173 In April and May 2016 the AFP investigated complaints made by Ms Isugan and Mr Durado. Mr Elvin gave a statement to the AFP as part of that investigation. He told the AFP that he had received two serious complaints about Ms Isugan which were a catalyst for her dismissal. However he then denied that he had dismissed Ms Isugan at all as she had “run away”, and stated that he could not recall what he told the AFP. When taken to a case note of his interview with the AFP which recorded him saying that Mr Isugan had been dismissed due to complaints, he said: “I may have told the police that I dismissed her but I was incorrect”. When taken to an earlier email from FTM to the AFP which stated that Ms Isugan had been terminated for repeated misconduct, he changed his evidence again, saying that he terminated her because she disappeared and that he “made a mistake” by telling the AFP that it was for repeated misconduct.
174 Mr Elvin said that he told the AFP that the massage therapists worked six days per week for 10 hours a day, and that they generally received a break between customers of between 30 minutes to two hours.
175 He said that he told the AFP that the therapists had signed an employment contract but did not tell the police that it was a sham. He denied that he was attempting to give the AFP a misleading impression to the AFP that the therapists were employed under conditions that were “legitimate and lawful”.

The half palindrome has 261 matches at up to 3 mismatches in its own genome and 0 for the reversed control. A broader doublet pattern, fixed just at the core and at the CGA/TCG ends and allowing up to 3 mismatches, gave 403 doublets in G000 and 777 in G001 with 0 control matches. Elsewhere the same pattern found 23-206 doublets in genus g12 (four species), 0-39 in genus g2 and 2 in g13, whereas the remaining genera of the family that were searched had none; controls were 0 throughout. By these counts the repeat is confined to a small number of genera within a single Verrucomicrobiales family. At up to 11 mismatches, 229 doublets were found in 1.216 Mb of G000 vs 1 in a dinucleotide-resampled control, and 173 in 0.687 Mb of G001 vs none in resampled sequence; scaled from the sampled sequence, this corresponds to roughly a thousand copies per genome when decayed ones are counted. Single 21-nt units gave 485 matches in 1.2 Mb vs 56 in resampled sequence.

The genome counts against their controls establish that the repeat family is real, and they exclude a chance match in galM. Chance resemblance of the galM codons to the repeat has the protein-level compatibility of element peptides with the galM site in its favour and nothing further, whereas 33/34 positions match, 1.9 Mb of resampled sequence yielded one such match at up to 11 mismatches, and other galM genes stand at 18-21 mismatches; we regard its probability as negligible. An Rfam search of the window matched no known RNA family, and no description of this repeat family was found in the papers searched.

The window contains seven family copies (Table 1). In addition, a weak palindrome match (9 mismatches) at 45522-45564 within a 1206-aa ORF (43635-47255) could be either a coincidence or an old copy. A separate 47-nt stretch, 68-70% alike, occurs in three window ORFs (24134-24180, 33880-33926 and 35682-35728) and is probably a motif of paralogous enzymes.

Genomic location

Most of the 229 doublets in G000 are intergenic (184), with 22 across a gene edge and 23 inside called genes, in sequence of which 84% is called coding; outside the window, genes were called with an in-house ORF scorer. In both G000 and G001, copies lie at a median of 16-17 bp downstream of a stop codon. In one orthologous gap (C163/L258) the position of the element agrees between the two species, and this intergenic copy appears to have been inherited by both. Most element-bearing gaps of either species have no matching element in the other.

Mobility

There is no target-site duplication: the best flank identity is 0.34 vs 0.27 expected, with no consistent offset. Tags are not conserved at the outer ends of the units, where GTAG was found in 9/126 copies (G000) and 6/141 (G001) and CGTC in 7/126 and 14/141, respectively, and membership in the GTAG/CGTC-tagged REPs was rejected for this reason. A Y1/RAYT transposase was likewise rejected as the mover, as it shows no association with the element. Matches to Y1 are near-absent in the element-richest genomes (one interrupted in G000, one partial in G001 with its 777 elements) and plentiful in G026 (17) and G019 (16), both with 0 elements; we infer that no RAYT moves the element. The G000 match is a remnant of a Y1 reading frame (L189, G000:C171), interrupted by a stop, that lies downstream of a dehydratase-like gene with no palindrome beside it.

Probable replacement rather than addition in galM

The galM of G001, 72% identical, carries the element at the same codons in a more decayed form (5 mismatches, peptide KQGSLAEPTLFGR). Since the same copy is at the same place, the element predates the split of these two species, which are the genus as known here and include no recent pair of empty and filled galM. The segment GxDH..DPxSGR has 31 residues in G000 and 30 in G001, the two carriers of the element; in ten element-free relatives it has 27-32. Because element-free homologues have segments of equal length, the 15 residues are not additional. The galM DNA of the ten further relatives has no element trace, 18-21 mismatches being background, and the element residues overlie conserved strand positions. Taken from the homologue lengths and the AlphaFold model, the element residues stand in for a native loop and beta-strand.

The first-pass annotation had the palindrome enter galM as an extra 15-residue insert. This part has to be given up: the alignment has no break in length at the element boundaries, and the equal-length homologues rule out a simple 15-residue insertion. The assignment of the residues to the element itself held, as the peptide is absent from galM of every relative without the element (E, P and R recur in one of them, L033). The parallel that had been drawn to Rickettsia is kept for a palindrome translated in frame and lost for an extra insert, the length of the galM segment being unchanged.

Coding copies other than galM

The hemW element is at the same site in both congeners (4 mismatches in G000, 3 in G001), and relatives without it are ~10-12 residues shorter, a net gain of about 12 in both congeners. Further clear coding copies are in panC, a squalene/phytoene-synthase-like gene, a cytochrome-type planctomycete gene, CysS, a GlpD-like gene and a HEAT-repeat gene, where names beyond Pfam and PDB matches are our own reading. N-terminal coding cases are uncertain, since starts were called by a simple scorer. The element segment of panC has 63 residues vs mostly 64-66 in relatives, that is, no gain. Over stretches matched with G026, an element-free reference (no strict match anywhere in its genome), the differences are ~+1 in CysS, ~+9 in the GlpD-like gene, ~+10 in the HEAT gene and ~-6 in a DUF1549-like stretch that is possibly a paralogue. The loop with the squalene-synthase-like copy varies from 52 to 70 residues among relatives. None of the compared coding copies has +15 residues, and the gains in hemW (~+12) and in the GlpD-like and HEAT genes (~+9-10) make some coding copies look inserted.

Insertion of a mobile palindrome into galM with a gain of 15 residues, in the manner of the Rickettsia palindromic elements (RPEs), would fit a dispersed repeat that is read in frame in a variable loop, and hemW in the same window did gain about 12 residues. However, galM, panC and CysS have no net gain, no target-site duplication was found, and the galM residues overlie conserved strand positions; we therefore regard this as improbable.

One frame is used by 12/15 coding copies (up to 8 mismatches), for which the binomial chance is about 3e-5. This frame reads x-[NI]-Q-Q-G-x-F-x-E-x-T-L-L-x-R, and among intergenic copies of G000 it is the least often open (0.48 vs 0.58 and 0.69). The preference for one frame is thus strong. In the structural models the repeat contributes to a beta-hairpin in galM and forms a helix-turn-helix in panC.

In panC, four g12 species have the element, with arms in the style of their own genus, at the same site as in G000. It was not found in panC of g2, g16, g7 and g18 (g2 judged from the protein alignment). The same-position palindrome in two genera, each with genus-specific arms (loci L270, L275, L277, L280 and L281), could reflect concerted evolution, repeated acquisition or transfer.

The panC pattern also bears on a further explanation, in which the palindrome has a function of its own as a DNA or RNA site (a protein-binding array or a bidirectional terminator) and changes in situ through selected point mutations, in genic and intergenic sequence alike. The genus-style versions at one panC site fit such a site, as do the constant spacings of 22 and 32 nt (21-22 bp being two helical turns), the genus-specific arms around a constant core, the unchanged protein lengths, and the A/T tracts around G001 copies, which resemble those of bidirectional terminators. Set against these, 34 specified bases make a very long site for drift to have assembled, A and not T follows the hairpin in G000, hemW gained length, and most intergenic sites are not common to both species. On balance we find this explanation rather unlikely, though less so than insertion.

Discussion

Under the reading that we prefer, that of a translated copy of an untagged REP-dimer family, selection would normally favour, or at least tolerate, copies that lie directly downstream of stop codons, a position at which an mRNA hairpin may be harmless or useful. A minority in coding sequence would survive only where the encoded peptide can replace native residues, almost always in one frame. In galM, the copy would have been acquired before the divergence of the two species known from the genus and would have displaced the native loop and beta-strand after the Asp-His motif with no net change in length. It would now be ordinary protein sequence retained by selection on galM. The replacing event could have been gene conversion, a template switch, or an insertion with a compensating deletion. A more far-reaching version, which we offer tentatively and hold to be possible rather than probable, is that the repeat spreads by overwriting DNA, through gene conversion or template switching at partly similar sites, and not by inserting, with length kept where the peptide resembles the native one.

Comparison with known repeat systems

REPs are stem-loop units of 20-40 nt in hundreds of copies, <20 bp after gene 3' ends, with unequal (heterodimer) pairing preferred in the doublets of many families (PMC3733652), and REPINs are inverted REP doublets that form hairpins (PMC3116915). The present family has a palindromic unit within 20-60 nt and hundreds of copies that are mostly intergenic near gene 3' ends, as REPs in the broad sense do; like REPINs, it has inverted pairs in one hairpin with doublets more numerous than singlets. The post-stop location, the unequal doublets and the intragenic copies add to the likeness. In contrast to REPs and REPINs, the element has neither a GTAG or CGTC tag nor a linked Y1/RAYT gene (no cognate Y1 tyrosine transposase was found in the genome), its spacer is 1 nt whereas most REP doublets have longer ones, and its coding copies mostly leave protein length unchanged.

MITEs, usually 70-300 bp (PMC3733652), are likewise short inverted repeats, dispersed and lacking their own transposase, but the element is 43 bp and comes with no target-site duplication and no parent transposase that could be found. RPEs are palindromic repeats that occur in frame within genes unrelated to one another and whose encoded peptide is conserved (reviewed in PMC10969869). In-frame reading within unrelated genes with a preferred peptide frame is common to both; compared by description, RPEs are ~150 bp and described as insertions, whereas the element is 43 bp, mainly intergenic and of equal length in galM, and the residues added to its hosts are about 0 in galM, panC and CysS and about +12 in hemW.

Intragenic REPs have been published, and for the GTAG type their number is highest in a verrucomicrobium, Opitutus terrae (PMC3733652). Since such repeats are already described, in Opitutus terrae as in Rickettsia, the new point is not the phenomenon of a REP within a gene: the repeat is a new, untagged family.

176 Mr Elvin said he could not recall a meeting with officials from the Department of Immigration on 15 May 2012 in which he said that the massage therapists would be paid $52,000 a year and weekend penalty rates.
177 Laura Elvin, aged 77 at the time of the 2020 hearing, is Mr Elvin’s mother and the wife of Mr Elvin Snr. Mrs Elvin is Filipino by birth and gave evidence at the hearing with the assistance of a Filipino interpreter, although her affidavit was sworn without such assistance. During cross-examination, Mrs Elvin testified that her affidavit was written by her son and that she could not recall its contents. Mrs Elvin said she had not read the affidavits of any of the Massage Therapists or Mr Durado, although later said that she had read them but could not recall their contents. She said her memory was “not very good”.
178 Mrs Elvin testified that in 2008 she and her husband transferred ownership in their property at Edwards Street to Mr Elvin to help him finance the establishment of FTM. Mrs Elvin said she was willing to do this because she would do anything to see her son succeed in business.
179 Mrs Elvin deposed that between February 2008 and early 2016 she and her husband made the Residence available to Mr Elvin to accommodate first the Thai and later the Filipino massage therapists. She deposed that the property was “completely redecorated and furnished to a high standard”, and had a total of four bedrooms with eight bunkbeds. She stated that no more than eight people occupied the Residence. But in cross-examination she testified that she “didn’t go back there” and could not actually recall the number of people residing there. In her affidavit she claimed that in late June 2012 a total of five people were living there, including. Ms Isugan, Ms Bantilan, Ms Amacio and Mr Benting. But when it was put to her in cross-examination that more than five people were living at the Residence in June 2012, she claimed she could not recall. She denied that she had included this statement in her affidavit because Mr Elvin had told her to, although repeated that her “memory [was] not very good”.